Avoiding the classic showdown between the cool kids and the dorks (think Revenge of the Nerds, Sixteen Candles, and, more recently, Mean Girls), the truthful and realistic Freaks was riveting viewing for those who could relate. When the show was cancelled after months of futile fan protest in March 2000, fans were left to tape and trade episodes of their beloved show. Postings on the Freaks net message board are testament to this fact — not only are people furiously discussing the show in detail, but for the years between initial fall 1999 airing and DVD release in April 2004, the board’s threads are chock full of trading requests. Ebay bootleggers were a last resort, providing desperate fans with access to illegal tapes and DVDs.
Eventually, after a long struggle for music licensing (original licensing agreements do not fit with the new DVD reality) and 40,000 signatures, Shout! Factory made the dream of Freaks fanatics come true. The show that was yanked off the air because not enough folks were watching it would now be available to anyone who could cough up the cash to buy the box set.
I should be happy, but I can’t help but be a little disappointed that the process that brought Freaks to DVD re-inscribes the very same type of narrative that the show itself tried to avoid. Feig once said that “most people, when they write a high school show say, ‘If I knew back then what I know now, boy would I have ruled,’ and you know, they write the show that way. So all of these kids are popping off good ones and they’re making the other kids look dumb.” The fans who related to Bill, Neil, Sam, Lindsay, Nick, Kim, Ken, and Daniel ended up in a situation where they had to think of a scheme to get back at the nasty, popularity-hungry executives who took away their show. Much like the stereotypical high school power struggle, the fans took the role of the nerds who had to prove themselves — they had to figure out how to pop off the good ones that would get them a win. Here we find a victory that might make Garth Ancier proud.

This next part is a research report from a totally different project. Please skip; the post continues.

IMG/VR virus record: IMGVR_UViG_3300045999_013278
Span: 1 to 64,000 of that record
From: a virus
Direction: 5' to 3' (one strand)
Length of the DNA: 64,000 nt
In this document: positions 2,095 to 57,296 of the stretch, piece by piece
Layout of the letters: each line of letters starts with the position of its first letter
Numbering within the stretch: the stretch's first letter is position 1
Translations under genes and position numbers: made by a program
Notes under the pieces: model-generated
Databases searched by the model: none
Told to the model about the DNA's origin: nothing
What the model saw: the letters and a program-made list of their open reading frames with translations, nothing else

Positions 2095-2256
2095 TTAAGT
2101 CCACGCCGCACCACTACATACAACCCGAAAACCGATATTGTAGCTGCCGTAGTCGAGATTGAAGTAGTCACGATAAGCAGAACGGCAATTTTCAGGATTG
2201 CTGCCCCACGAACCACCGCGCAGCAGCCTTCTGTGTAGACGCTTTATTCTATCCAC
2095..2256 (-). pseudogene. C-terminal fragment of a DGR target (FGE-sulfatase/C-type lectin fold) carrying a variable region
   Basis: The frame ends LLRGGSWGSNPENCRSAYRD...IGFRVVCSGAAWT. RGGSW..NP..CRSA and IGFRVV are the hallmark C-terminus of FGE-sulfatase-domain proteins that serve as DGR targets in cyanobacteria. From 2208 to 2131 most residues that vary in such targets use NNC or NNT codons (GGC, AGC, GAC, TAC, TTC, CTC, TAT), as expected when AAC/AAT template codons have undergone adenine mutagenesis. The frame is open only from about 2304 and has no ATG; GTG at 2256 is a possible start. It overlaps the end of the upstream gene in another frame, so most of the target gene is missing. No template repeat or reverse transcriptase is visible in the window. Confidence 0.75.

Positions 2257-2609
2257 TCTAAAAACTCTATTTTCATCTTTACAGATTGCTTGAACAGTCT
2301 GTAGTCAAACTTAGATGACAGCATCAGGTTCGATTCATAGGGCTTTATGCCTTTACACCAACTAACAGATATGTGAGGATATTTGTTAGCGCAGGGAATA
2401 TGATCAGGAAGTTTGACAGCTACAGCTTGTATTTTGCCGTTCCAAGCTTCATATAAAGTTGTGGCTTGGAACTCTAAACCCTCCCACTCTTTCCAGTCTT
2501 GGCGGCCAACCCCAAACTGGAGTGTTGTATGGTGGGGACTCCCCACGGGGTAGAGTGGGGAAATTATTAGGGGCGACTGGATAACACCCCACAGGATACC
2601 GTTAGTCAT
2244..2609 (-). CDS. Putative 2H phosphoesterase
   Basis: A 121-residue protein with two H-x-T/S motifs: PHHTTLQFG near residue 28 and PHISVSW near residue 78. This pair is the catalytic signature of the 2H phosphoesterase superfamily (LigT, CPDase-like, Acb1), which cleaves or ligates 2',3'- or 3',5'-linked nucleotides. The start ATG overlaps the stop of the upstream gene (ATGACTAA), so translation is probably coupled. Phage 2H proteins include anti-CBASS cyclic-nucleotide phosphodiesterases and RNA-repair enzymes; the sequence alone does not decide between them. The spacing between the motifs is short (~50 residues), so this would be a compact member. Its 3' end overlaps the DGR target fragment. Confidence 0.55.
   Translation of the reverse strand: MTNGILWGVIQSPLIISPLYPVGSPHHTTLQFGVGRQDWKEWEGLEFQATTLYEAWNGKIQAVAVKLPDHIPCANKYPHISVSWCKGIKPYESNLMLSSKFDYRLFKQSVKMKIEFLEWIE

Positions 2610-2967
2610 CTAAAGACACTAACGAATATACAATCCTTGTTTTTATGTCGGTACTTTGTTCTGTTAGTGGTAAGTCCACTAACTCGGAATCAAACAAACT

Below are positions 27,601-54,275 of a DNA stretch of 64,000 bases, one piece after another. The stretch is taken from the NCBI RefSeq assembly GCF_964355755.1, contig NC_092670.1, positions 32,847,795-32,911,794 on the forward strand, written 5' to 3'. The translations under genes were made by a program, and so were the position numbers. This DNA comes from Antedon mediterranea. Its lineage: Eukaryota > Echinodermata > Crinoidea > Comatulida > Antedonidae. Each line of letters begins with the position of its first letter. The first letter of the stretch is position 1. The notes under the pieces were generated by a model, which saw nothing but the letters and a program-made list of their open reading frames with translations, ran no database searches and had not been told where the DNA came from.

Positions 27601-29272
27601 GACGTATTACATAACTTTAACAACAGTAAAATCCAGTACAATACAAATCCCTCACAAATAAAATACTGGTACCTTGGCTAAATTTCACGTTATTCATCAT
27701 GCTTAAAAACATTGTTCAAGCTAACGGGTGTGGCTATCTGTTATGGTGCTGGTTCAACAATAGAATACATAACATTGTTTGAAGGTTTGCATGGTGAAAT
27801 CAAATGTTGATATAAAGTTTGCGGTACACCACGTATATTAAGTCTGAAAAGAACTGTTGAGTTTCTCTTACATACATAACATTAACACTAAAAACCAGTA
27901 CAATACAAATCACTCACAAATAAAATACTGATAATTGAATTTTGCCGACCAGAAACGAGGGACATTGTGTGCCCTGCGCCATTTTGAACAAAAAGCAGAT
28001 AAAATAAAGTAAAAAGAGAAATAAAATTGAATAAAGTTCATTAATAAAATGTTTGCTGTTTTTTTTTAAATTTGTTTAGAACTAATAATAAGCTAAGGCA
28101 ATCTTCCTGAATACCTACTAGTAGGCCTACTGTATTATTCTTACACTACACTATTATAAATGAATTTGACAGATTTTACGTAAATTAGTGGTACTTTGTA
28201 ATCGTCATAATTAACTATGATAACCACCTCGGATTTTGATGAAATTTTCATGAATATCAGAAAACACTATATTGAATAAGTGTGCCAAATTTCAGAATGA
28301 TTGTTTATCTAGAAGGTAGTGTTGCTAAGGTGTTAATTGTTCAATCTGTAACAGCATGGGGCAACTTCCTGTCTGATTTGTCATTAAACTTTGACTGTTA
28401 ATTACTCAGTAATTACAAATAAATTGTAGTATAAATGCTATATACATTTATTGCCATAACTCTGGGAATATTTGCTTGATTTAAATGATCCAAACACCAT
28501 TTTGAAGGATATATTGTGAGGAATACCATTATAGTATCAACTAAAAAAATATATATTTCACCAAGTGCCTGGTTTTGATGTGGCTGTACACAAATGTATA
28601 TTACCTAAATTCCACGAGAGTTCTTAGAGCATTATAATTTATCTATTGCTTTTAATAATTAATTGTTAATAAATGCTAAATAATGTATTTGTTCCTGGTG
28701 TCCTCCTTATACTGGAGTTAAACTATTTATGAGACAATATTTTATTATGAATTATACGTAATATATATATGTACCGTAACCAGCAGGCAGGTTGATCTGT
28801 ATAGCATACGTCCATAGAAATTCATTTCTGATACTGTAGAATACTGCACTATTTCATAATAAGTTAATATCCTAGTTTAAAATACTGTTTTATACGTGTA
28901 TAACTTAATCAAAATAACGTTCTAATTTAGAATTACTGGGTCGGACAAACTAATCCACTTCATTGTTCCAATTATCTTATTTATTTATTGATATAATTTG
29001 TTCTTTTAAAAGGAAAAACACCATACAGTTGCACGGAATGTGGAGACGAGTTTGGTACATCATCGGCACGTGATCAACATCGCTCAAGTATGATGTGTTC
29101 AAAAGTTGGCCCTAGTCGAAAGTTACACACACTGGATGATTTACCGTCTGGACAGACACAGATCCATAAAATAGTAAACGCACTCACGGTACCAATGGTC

Sure, Feig and Apatow created a “Special Edition” box set that was initially offered only to committed fans who’d signed the petition, but the fans vs. network situation ends up much like Feig’s description. It’s nice to rule the school, but once you are in with the popular kids (as one episode of Freaks made painfully clear) you tend to forget where you came from.
The community that is created as a result of love for a TV program — especially a short lived one — is disrupted by this instantaneous availability. For the average viewer, before the advent of VCRs, television was an incredibly ephemeral medium. VCRs gave way to personal taping and committed fans could dutifully collect episodes of their favorites. TV on DVD (and TiVo, for that matter) makes any of that care — not to mention the patience required during the wait for the next episode — irrelevant. The ability to watch episodes on DVD not only eliminates any waiting for commercials (or the fast forwarding through ads), but it also enables viewer to consume television at a much faster — and perhaps thereby less thoughtful — rate. You could down the whole of Freaks in a single day if you wanted to.
Interestingly, a recent topic on the Freaks message board asks viewers to state exactly when they first saw the show — some claim to have been in on it from the first commercial teaser, others admit that they were initiated only after it came out on DVD. I know that I should celebrate rather than disparage these newcomers, but regardless, the irony of the Freaks case throws into sharp relief this new relationship viewers must develop with television and the shows they care so deeply about. What will it look like? Until then, however, does anyone have any tapes of Undeclared they’d like to trade?
Please feel free to comment.